Suki’s face when we presented her with a special doggie brownie from a doggie bakery at the event (No chocolate allowed! Dog friendly ingredients only)

Roll on next year…

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Friday, 18 November 2011

Fluffy Friday #36



Those of us in the UK have been treated to a glorious, mild autumn but as we head into November I feel it is time to brace ourselves for the approach of winter.  What better resembles winter than two huge, snowy white polar bears diving into the icy depths.



It almost makes me feel like diving in too!


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Thursday, 17 November 2011

One Way Ticket, or 8 Hours Mark II


Compassion in World Farming (CIWF) is running a movement echoing that of the 8 Hours campaign conveying dismay at the immense suffering millions of animals endure whilst being transported across Europe, they have entitled the campaign One Way Ticket.

The CIWF website provides a link to the European Commission’s new report on the protection of live animals during transport and notes that it does not recommend any changes to the current legislation.  Read the report here.

The current legislation (Regulation 1/2005 on the protection of animals during transport) points out that “Long journeys are likely to have more detrimental effects on the welfare of animals than short ones” and the European Food Safety Authority (EFSA) released a scientific opinion this year which said transport of live animals, where possible should be avoided. (Taken from the CIWF website)
CIWF points out that although the report recognises parts of legislation are “not in line with current scientific knowledge” and that making sure the regulations are followed by members of the EU is a “major challenge” it does not propose any amendments to the legislation.



Write to your MEP urging them to ask Commissioner John Dalli to recognise that a limit must be placed on the journey times animals are enduring and that the law is strongly enforced in every member state. (The link will take you to a readily prepared message)

Write to your MP asking for UK Parliament to update the law to allow British ports to ban cruel trades on the grounds of animal welfare and to amend the existing legislation in order to bring it up to date. (The link will take you to a readily prepared message)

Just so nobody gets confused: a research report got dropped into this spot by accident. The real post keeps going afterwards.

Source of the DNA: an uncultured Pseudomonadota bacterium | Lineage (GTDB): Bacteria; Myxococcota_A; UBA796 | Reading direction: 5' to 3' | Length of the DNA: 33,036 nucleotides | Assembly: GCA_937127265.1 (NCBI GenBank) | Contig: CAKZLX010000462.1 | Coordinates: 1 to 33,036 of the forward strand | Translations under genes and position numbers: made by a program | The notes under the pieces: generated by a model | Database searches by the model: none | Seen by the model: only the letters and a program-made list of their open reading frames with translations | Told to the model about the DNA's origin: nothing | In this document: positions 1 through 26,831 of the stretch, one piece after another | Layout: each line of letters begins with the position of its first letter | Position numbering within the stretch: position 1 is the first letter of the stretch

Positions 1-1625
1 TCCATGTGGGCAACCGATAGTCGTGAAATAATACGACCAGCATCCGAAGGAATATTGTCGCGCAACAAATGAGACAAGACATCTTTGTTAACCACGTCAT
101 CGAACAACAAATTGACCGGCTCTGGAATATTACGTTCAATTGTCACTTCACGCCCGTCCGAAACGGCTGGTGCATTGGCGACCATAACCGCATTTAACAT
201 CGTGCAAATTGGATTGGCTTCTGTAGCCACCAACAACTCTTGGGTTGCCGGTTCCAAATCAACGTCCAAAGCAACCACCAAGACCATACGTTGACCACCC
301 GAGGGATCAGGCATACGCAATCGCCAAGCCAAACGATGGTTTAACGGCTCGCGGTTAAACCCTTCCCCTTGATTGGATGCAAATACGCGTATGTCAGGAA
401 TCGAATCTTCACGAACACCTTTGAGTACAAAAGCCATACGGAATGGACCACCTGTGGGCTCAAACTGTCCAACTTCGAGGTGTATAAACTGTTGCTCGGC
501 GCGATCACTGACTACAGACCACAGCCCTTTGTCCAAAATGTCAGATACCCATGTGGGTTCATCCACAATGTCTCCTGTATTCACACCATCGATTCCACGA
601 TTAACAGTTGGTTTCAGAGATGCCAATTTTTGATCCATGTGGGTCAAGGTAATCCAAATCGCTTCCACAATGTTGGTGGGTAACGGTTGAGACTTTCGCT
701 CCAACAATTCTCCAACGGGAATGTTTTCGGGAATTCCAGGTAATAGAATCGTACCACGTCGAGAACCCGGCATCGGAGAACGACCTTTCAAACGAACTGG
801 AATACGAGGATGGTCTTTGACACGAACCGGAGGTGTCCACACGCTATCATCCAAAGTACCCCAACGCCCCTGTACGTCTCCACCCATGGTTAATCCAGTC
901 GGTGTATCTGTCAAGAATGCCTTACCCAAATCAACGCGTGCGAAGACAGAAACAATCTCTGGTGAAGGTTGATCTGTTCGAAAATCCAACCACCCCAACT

Please note:  Like the 8 Hours campaign, the actions involving writing to MP’s and MEP’s are only for UK residents but the CIWF website has some advice for how you can help too and please do follow the actions below.

Sign the petition calling for the Government to take action to end live exports. (You can sign this no matter where you live)

Sign the 8 hours petition if you haven’t already.



Join the Facebook page run by Ian Driver a local councillor who is trying to end live exports through the port of Ramsgate.

Only buy organic milk and dairy products and encourage your family and friends to do the same.

Support Kent Action Against Live Exports (KAALE) and their monthly demos on transport.

That's enough for you to be getting on with but if you have any more time to spare please remember to share this with your friends!

Thank you.


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Wednesday, 16 November 2011

Lunch Time Links #3


It’s Wednesday, it’s lunch time and we’re half way through the working week at last - time for some lunch time links…



Thank you.

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Update on Circus Ban (or lack thereof)

Anne, the elephant.


Some time ago I posted about Anne the elephant who after spending a life being beaten and abused was finally able to retire from “Bobby Roberts Super Circus” in April this year.

RSPCA reports that the Crown Prosecution Service has agreed to take on the prosecution of Bobby and Moira Roberts in relation to the alleged abuse of Anne.  The court date is set for today.

Anne has now been liberated from her circus life but despite overwhelming support from the pubic and MP’s, the government have still not implemented a ban on the use of wild animals in circuses.  Instead of finding a solution, they have wasted resources on developing a licensing system that nobody wants.

If you are a UK resident please click here and contact your MP and ask them to contact Lord Taylor of Holbeach CBE, the Minister responsible at Defra to take action on this urgent matter.   

Please share this with your friends on Facebook or Twitter and ask them to take action too.

Thank you.


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Tuesday, 15 November 2011

Stop the puppy trade in Ireland


Four Paws reports that due to a loophole in the Irish legal system, traders are able to breed alleged pedigree puppies in appalling conditions without being punished.  

The conditions they are kept in involve dogs and puppies being crammed into secluded outbuildings so that neighbours don’t hear their barks or smell the filthy surroundings they are forced to endure.  Shockingly, female dogs are forced to breed continuously with only the minimum amount of food and water necessary to keep them alive.  This results in a life of sleeping, eating, defecating, urinating, mating and giving birth in the same filthy conditions.

If dogs can no longer breed they are disposed of.

Life is grim for the puppies once they are born, although they should remain with their mothers for the first eight weeks of their lives they are removed at the earliest opportunity and kept in equally disgusting conditions.  The puppies may eventually find loving homes but due to the neglect suffered after birth most will have long term health and behavioural problems.

Four Paws estimates that at least 50,000 farmed puppies are trafficked from Ireland to England each year.

Please spare a moment to sign the online petition which will be delivered to the UK government calling for the compulsory micro chipping of puppies and tightening of dog breeding legislation. 

Please tell your friends, the more signatures we can get the more difference this will make.

Thank you.